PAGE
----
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US non-cycling excuses, population density.

May 9, 2010

A standard response, when people compare cycling ride shares between the US and Northern Europe, is that “we’re spread out, they’re not”.

Except, of course, that we’re not.

Update/correction: the census data lists both New York City AND its boroughs, which is a substantial glitch. I found this looking at Wikipedia’s list of cities by density (also uses 2000 Census data), and cross-checking made it clear that there was a big error. The graph, as yet uncorrected, needs to be shifted down by 6 million (minus 8 million for NYC, plus 2 million counting the contribution of the smaller, very-dense places). I would like to incorporate the smaller dense places more generally, but don’t know where that data is yet. Most of the conclusions remain the same; the 10% mark is now at 7600/square mile, and the 1/3 mark is now at 2000/square mile.

Over a third of the US population lives in places denser than Assen, Netherlands, and this is an underestimate; any dense city or place with fewer than 50000 people does not appear in this cumulative population (for example, Lexington, Arlington, Belmont, and Watertown).  On the other hand, any place with 50000 people in it is large enough to attract businesses.

(Disclaimer: there’s a few glitches in the data, but they don’t change the overall picture much at all.  This is from the 2000 US Census, with 281,000,000 total population.)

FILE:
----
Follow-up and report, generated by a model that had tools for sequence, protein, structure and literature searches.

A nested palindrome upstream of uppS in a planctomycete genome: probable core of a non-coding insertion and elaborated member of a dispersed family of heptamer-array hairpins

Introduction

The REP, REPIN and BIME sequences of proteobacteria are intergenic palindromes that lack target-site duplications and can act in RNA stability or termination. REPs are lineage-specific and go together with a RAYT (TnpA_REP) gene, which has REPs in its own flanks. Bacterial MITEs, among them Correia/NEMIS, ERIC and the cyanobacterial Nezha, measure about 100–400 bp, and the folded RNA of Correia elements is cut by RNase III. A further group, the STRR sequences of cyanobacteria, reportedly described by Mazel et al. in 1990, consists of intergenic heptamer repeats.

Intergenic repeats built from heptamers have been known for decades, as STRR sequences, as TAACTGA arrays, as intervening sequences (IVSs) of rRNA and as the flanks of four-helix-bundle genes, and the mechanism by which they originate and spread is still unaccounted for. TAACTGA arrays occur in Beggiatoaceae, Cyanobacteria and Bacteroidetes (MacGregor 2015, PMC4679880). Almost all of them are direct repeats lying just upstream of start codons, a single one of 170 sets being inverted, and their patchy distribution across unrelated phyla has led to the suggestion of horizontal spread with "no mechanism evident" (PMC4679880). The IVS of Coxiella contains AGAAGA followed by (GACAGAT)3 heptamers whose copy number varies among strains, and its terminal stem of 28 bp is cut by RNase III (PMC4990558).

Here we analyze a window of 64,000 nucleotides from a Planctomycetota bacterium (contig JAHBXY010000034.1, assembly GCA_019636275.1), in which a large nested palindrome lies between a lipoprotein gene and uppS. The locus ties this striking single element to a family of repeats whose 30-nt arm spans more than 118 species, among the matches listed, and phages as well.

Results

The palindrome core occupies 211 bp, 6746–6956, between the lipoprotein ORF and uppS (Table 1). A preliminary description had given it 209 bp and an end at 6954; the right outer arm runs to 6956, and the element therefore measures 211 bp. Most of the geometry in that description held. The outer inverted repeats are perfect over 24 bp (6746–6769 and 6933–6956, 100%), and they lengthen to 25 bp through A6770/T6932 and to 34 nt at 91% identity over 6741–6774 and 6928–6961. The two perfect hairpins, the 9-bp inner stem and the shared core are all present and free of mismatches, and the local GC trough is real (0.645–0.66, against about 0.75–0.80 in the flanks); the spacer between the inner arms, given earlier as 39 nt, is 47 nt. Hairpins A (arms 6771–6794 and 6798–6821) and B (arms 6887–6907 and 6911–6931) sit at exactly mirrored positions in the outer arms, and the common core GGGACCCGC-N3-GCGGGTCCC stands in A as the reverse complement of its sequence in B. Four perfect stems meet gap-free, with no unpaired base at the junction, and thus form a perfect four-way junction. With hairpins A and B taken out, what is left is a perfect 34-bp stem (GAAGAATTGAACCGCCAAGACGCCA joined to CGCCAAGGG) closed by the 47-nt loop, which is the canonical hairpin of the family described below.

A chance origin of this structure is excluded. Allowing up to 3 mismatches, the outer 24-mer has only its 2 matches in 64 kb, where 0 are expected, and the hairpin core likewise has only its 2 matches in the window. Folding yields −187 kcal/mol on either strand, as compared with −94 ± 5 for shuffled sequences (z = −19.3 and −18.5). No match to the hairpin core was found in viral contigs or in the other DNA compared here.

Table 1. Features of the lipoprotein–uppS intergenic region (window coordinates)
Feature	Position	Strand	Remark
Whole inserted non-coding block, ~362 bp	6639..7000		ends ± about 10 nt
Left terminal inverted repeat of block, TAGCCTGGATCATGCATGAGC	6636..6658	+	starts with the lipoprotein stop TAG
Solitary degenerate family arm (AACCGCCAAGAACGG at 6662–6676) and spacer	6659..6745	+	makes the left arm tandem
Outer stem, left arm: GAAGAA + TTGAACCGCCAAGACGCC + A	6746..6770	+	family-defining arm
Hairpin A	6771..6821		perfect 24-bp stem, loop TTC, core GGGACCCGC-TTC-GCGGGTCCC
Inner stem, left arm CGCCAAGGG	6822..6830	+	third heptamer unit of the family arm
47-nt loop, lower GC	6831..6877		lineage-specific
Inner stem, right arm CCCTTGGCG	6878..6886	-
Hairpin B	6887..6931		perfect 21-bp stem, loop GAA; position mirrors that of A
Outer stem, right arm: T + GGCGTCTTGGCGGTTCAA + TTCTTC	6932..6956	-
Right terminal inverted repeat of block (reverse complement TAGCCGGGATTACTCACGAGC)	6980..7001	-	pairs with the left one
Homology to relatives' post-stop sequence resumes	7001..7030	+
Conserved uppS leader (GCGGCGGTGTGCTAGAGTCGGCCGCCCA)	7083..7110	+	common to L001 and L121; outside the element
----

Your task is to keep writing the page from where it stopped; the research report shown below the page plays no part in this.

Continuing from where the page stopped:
DensityGraph2Cropped.png

Density alone doesn’t necessarily tell the whole story; even within their boundaries, towns have regions of greater and lesser density.  Assen, in particular, has a dense core, but so do the US cities and towns.  Belmont has several large undeveloped or sparsely developed areas; Lexington has a national historical park, a quarry, and a large area reserved for commercial development.  However, this definitely suggests that mere (lack of) density is not what keeps us in cars and off of bicycles.

The “but it has a dense core” counterargument also has a corollary, which is that if you are going anyplace not in the core of the town, you will be traveling some additional distance.  Looking at Google maps and satellite photos, it appears that Assen is surrounded by a 2-mile donut of forest, park, and agricultural land; if your destination is not in town, then your trip is at least two miles long.  The nearest large city to Assen is Groningen, 19 miles (6020 per square mile, 57% bicycle trip share).

Here’s the data I used to make the graph (and the underlying chart) in OpenOffice .ods format.

The density argument also fails if you consider Norway, Finland, and Sweden. All are less dense than the US, yet all have a higher ride share(PDF, p. 5) than we do. Their population distribution certainly affects this, but so does ours. Using nationally reported distribution information, urban population percentage (definition varies, unfortunately) is similar among all four countries, with Finland reported as the least urban (61%), and 79-83% for the rest. The UN’s definition of urbanization yields a similar pattern.

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